2. What astounds me is that everyone has fallen hook-line-and-sinker for the narrative where the source of the data is more important than the content. And that people who know better are still talking about “hacking the election” (which implies hacking votes, apparently 50% of Clinton voters still believe it).

    3. Wikileaks didn’t actually say it was a DNC leak. That was Craig Murray. The furthest Assange would go was to say it wasn’t Russia (in line with their policy of not disclosing sources).

    4. Everyone goes on about there being no GOP email leaks. Maybe there weren’t any, or maybe there isn’t anything interesting to leak: The Republicans seem to have spent most of the campaign period plotting against each other out in the open anyway!

  8. “Assange revealed the campaign chairman’s password was ‘password’ ”

    Yeah. The Party of Smart.

    In the early 1970s, the NIxon administration sued the NY Times to prevent it from publishing the Pentagon Papers. These documents were secret diplomatic traffic pertaining to the war in Viet Nam – which was then still being fought.

    Part of the basis for the suit was that the NYT was not authorized to have possession of the documents in the first place – they had been stolen.

    Disregarding how the documents had been obtained, the Supreme Court ruled the First Amendment took precedence and allowed publication. The vote was 9-0.

  9. Tim

    Check out TRUK – brilliance from the Spud. Mentions Concentration Camp guards in defence of ‘The Establishment’ – that trip to Dachau obviously held great resonance.

    Additionally there is a classic justification of the ‘Independent Civil Service’ where his ‘but I am a democrat’ argument starts to look a little flimsy. Not sure if Noel or one of the other assiduous followers of TRUK can point to a link where he explicitly says the UK should not respect the result of the referendum but that’s the clear implication. For those who are unwilling to turn to the page itself. Here’s a taste of the comments……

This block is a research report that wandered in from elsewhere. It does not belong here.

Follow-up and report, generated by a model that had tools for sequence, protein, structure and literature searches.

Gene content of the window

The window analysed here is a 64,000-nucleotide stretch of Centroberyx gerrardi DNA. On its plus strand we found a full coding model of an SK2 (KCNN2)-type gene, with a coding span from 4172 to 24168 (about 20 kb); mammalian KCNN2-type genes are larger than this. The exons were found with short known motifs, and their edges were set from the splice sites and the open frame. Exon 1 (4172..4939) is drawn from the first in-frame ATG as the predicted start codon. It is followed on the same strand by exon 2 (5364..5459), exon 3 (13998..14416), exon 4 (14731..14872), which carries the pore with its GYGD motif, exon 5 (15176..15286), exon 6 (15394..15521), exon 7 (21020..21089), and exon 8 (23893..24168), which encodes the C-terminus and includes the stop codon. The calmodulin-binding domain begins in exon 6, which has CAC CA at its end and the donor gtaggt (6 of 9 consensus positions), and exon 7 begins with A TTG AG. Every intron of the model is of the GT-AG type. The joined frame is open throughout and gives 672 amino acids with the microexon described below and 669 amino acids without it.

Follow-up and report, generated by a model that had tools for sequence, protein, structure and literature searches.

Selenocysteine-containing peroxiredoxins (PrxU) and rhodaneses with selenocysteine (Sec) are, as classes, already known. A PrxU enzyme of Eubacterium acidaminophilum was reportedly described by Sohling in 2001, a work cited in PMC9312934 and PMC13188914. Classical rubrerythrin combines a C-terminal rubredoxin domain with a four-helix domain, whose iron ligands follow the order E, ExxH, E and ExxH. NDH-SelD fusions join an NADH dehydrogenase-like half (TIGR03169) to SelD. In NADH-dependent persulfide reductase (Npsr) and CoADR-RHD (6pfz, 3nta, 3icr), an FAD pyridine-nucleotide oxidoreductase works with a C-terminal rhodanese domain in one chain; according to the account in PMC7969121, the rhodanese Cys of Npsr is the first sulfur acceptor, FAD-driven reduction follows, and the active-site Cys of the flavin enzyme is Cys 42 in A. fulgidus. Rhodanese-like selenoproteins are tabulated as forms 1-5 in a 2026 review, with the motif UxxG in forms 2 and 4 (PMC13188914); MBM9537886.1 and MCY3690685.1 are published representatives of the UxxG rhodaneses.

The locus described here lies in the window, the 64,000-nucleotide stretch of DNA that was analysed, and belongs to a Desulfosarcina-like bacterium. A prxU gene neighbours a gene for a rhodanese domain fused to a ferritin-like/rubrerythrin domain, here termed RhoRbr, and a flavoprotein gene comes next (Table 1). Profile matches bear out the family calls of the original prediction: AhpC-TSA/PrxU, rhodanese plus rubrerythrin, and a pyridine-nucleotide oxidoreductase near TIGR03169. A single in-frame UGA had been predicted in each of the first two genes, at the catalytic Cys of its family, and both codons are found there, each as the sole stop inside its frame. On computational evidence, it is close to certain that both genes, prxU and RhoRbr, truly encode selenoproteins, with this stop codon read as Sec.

R. says:
    January 4 2017 at 6:29 am

    On the GP point… You are of course correct there are not enough GPs. (Ed Miliband promise for twoday wait was similarly unrealistic)

    But if it is a choice between being open on a Saturday and being ki open on a Tuesday… Shouldn’t GPs be open on the weekend?

    I know it’s inconvenient for them… But it’s very convenient for patients who work/have school.

    Just a thought anyway. Nice blog.’

    Richard Murphy says:

    January 4 2017 at 7:50 am

    ‘ The evidence is very strong that people do not want to see GPs at the weekend

    So why do it?’

    R. says:
    January 4 2017 at 7:58 am


    This survey suggested that 19% are not happy with GP opening times… And that the three quarters of those want them open on Saturdays. Far fewer wanted Sundays.

    To me that suggests that Saturday opening is worth going for. There’s a significant minority… c. 15% who would benefit.’

    Richard Murphy says:
    January 4 2017 at 8:13 am

    ‘Did the same survey ask if people wanted a free holiday in Barbados? I suspect they said yes to that too’

  10. “What astounds me is that everyone has fallen hook-line-and-sinker for the narrative where the source of the data is more important than the content. And that people who know better are still talking about “hacking the election” (which implies hacking votes, apparently 50% of Clinton voters still believe it).”